Smoker’s Cough

By Dr. Annie Macpherson
Updated: 2019-09-14

What Causes Smoker’s Cough?

smoker's caugh

Your lungs are lined with tiny hairs that are damaged by tobacco smoke

Its Causes

Smoker’s cough is caused by exposure to tobacco smoke. Your airways are lined with tiny hair-like structures, known as cilia. These tiny cilia rotate upwards together, helping your lower and upper airways clear bacteria, debris and toxins. Several compounds in tobacco smoke (such as formaldehyde) paralyze, shrink, or plain-out destroy the cilia lining your airways, preventing you from being able to effectively keep your lungs clean. Without effective cilia clearing your lower lungs, you must rely on coughing to keep them clear. Smoking also irritates the lungs, which can cause the dry cough that is often the beginning of chronic smoker’s cough. After you smoke, your cilia don’t work, so you must cough to shake loose and expel toxins and mucus from your lungs.

Your lung cilia are also responsible for the cough you might get when you quit smoking. As your cilia regain their function after you quit, they will gently sweep phlegm and debris up from deep inside your lungs, causing you to cough as it this foreign matter is finally cleared out of your airways.

What is Smoker’s Cough and What Does it Sound Like?

If a cough has persisted for more than three weeks, it is known as smoker’s cough. Smoker’s cough begins as a dry cough in individuals who do not smoke often, as the airways are irritated by tobacco smoke. This eventually progresses into a phlegm-producing cough as the airways never have a chance to recover and fully clear themselves, causing phlegm and foreign material to build up. While a cough from a cold starts in the throat and upper airways, a smoker’s cough originates from the lungs and lower airways, places your cilia are responsible for keeping clean.

Difference Between Smokers Cough and Regular Cough

Smoker’s cough sounds different to a regular cough. It is wet, accompanied by wheezing, hacking, and cracking noises as phlegm is forcefully brought up your chest. Generally, coughing episodes are worst in the morning, provide the sufferer with little satisfaction, and can hurt your chest and throat.

Symptoms of Smoker’s Cough

Along with a persistent, wet or dry cough, other symptoms of smoker’s cough include:

  • Phlegm that is clear, yellow, green, or white
  • Coughing up blood in phlegm
  • A crackling sound in the chest when breathing
  • Chest pain
  • Shortness of breath
  • Sore throat
  • Wheezing
  • Hoarseness
  • Postnasal drip – when mucus leaks into your throat from your nose

The Chronic Smoker’s Cough

A chronic smoker’s cough can also have a significant impact on someone’s emotional and social health. Coughing episodes can be embarrassing, interfering with daily life, people around you, and activities that you might enjoy. Confidence may be reduced in people with smoker’s cough, as colleagues and friends can be distracted and irritated by the sound and disruption brought on by a coughing episode.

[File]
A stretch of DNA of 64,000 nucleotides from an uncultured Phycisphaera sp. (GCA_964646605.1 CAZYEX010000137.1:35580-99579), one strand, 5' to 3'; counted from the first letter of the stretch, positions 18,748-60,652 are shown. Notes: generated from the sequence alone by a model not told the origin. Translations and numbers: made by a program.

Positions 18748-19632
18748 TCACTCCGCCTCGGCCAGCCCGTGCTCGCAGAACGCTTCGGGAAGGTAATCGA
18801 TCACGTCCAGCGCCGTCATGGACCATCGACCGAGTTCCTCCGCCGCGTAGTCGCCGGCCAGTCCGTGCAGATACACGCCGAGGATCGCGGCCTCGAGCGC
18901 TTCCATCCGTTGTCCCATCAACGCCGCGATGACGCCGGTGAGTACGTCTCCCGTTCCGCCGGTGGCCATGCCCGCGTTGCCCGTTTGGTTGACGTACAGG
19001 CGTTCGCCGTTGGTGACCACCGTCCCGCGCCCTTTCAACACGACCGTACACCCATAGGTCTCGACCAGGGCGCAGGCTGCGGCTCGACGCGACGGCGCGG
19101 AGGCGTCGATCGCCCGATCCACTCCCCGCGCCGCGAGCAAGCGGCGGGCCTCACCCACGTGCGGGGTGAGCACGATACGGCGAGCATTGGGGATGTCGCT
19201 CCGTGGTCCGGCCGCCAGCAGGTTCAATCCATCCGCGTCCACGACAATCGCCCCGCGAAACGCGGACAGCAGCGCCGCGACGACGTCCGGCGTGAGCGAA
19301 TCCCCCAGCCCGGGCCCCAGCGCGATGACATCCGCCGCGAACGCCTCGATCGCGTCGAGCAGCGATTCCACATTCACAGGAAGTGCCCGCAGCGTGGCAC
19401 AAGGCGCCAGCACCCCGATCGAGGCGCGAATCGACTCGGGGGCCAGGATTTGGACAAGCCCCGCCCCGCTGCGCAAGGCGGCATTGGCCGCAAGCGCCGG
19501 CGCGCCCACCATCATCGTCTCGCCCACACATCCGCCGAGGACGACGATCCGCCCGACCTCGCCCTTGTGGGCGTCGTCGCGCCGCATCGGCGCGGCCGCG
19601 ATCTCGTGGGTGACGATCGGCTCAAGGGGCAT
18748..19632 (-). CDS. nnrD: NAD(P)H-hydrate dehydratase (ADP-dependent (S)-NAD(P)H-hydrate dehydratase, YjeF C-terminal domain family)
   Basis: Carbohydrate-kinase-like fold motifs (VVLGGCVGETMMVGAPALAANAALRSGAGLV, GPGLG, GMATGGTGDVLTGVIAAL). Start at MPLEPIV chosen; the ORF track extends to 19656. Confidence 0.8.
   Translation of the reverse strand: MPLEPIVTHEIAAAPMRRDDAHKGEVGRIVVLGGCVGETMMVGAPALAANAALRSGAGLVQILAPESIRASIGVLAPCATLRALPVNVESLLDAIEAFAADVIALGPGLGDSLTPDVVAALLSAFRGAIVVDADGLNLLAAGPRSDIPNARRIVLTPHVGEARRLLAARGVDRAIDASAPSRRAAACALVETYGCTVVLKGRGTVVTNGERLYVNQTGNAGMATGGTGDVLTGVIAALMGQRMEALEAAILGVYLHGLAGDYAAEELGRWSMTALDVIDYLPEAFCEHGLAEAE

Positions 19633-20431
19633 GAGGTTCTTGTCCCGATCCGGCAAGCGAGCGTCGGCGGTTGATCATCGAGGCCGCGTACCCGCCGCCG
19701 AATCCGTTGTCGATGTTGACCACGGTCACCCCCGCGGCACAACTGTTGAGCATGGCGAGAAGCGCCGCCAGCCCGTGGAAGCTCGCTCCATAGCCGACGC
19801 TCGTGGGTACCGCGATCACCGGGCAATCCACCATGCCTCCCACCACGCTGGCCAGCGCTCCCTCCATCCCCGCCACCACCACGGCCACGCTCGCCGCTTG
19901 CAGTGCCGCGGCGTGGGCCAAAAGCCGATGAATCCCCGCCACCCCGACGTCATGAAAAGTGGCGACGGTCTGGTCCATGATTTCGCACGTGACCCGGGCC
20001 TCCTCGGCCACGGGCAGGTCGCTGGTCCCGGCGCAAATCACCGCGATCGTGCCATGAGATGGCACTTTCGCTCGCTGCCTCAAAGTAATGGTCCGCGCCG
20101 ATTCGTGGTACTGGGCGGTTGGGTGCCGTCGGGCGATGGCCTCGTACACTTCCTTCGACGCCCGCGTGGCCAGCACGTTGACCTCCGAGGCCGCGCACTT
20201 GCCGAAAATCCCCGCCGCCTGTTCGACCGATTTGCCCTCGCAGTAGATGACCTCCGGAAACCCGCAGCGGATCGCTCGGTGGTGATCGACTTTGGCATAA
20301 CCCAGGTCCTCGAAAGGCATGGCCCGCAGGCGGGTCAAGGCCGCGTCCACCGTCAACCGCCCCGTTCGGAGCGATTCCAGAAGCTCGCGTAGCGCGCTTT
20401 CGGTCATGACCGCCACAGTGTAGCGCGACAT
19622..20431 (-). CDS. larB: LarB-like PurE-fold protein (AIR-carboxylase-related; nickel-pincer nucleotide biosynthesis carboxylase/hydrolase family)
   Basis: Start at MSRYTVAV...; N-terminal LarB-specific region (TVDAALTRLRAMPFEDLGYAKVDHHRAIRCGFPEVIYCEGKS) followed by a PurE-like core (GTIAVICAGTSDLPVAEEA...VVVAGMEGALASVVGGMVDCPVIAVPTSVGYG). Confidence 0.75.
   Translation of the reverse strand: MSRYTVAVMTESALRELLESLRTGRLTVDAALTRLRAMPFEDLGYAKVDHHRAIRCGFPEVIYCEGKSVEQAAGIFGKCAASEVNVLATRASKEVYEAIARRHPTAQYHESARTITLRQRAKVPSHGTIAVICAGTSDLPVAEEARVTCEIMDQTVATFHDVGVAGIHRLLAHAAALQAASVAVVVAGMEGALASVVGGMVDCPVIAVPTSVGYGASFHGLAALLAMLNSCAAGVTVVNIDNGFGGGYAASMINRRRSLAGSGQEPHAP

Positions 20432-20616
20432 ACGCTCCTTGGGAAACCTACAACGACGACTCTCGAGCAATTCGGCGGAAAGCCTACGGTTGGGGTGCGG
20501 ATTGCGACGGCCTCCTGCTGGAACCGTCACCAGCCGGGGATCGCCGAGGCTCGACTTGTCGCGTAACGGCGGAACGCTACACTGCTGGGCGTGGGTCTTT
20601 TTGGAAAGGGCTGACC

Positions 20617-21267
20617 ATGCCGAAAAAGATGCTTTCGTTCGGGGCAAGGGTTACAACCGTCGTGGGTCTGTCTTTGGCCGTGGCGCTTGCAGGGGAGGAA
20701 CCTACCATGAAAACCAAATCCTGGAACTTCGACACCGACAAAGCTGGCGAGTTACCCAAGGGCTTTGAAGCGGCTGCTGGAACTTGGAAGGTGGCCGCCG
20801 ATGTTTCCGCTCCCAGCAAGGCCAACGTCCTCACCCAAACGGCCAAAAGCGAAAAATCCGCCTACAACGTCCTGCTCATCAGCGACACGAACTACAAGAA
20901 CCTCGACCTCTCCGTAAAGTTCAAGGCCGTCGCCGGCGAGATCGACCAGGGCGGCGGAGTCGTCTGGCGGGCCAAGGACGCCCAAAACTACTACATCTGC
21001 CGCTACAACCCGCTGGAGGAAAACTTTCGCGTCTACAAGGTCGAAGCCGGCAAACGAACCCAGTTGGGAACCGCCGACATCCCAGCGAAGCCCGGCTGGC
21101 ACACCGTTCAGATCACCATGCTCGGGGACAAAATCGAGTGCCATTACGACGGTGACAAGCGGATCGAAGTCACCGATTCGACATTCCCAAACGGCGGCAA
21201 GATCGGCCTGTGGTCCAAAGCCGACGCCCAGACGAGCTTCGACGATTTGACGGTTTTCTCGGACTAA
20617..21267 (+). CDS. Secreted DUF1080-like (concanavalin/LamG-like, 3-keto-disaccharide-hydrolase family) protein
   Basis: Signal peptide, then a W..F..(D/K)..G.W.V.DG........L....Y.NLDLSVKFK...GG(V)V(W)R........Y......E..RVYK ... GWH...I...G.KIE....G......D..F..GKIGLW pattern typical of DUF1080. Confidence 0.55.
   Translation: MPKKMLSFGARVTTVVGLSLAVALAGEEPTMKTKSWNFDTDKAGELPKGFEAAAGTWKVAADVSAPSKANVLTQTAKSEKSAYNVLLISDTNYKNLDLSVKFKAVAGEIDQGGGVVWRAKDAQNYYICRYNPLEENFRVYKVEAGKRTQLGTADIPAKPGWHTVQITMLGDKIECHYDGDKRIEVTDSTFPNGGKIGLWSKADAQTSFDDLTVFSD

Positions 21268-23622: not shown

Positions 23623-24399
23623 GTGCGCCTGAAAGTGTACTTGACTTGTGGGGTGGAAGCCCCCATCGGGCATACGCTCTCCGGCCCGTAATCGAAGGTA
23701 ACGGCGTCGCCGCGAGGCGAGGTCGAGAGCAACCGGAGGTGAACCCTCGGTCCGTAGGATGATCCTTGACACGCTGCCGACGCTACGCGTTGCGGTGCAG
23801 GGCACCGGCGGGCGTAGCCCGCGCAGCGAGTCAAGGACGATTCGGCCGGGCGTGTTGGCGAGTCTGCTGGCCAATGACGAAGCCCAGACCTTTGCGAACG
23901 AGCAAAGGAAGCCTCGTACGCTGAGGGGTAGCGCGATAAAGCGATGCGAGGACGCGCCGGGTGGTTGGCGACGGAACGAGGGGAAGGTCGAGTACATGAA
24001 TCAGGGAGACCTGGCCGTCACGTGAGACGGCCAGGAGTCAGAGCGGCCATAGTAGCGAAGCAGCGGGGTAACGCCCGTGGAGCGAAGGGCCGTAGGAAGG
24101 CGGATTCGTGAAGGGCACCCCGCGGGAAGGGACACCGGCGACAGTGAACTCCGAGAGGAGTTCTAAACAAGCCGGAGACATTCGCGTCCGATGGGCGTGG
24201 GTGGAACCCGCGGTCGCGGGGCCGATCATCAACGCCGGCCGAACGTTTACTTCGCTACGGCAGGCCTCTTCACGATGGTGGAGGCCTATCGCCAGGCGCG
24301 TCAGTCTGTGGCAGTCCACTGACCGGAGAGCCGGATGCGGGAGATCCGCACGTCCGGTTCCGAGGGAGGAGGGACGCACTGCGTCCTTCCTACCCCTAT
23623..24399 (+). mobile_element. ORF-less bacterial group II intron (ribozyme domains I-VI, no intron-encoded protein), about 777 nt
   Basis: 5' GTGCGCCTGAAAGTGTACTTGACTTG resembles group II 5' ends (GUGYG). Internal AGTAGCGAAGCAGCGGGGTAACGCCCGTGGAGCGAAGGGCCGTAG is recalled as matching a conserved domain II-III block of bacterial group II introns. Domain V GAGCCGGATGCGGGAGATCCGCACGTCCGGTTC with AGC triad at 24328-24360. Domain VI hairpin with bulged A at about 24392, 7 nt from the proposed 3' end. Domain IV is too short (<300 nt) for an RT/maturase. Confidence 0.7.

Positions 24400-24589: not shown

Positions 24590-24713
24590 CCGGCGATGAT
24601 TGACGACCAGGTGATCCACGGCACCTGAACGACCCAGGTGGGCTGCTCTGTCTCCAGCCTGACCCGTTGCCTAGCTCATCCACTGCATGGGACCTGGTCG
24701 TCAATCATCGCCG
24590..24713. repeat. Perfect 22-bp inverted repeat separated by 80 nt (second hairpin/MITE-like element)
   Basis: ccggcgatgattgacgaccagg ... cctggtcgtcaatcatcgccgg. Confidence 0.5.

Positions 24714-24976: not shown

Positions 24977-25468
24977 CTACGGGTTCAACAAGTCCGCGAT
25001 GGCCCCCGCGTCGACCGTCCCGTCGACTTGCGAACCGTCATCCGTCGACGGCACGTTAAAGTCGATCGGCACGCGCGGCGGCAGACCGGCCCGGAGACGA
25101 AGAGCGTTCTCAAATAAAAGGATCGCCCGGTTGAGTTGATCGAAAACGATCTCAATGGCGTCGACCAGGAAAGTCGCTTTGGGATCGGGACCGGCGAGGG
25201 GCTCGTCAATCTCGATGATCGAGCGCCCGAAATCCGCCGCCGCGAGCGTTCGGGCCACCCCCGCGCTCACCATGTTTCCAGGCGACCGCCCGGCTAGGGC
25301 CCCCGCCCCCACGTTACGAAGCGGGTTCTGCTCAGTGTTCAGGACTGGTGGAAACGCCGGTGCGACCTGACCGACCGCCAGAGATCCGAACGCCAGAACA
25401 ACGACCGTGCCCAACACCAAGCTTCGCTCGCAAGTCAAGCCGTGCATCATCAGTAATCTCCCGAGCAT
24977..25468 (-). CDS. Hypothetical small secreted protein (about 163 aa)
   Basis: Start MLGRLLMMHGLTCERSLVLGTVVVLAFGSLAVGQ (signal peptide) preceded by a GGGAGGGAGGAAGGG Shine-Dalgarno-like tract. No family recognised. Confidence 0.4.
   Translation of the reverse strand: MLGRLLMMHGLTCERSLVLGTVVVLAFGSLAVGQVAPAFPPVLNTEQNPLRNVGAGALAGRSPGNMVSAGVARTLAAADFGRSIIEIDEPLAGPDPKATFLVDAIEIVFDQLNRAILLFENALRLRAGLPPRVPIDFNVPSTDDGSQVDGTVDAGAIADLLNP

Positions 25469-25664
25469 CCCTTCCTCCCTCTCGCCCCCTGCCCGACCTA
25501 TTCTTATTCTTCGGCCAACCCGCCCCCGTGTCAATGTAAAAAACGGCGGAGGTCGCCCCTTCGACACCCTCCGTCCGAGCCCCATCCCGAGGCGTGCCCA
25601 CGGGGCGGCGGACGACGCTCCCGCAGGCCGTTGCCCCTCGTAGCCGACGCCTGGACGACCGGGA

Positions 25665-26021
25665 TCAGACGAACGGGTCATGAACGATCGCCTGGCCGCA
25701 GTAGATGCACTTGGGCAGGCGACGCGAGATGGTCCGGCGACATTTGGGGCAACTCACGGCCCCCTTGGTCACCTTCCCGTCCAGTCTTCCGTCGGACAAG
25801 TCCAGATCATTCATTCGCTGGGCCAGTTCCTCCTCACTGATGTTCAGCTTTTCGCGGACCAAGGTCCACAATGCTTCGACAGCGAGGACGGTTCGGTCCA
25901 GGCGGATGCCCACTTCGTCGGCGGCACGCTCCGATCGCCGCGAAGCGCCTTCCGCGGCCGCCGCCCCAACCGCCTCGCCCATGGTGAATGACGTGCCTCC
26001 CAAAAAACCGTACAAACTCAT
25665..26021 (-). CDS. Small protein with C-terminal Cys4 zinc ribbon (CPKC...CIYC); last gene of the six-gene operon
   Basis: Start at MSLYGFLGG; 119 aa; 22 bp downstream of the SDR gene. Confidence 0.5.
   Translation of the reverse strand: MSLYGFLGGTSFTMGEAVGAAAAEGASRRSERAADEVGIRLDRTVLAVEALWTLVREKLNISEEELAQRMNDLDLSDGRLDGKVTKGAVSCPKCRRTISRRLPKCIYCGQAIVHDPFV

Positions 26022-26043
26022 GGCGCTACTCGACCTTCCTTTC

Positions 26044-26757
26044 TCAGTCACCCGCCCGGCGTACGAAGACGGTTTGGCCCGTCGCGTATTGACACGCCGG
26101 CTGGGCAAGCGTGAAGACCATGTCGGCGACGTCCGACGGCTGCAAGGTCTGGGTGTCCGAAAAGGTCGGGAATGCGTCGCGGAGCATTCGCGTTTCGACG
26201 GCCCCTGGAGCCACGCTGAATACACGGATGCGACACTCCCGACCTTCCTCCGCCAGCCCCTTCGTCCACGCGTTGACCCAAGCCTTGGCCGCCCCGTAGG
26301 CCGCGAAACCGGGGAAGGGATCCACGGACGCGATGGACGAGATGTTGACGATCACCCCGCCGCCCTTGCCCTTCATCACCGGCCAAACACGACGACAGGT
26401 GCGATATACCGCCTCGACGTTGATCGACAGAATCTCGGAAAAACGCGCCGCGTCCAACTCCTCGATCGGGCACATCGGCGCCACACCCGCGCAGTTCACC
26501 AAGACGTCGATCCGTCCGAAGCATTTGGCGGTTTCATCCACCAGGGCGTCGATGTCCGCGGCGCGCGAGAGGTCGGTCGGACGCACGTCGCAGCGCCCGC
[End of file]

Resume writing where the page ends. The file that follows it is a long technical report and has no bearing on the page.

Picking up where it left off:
Types of Smoker’s Cough

There are several different variants of smoker’s cough. How smoker’s cough manifests will differ depending on how frequently someone smokes, and how long they have smoked for.

Dry cough

People who have not smoked for very long, or smoke infrequently, will often develop a dry cough. A dry cough is associated with lung irritation as the airways become inflamed through exposure to cigarette smoke.

Chronic smoker’s cough

As someone continues to smoke for a longer period of time, their lung cilia will have been damaged and non-functioning for an extended amount of time. More phlegm has been produced over time and become trapped deep in the airways, without the help of the cilia to sweep it out. As your lungs try to expel this phlegm and debris, this results in the wet, hacking, wheezing cough known as chronic smoker’s cough.

Morning cough

Some smokers will find their cough more incessant in the morning, improving as the day continues. This increased coughing in the morning can be considered (relatively) as a good thing. As the person has not smoked throughout the night, their cilia have had a chance to heal and regrow, allowing them to catch and expel mucus, increasing the clearance capacity of a smoker’s lungs in the morning. Many smokers find their symptoms improve after their first cigarette of the day; any cilia function and increased lung clearance will now be inhibited again [1].

How Long Will Smoker’s Cough Last?

Smoker’s cough will persist as long as you continue to smoke. However, even if your lung cilia have been completely destroyed after several years of heavy smoking, they are surprisingly resilient. They will begin the process of regrowth and recovery in a matter of hours after your last cigarette. After several days smoke-free, they will have fully regenerated, and it can take around 6 months for them to reach their normal function.

When It Will Disappear?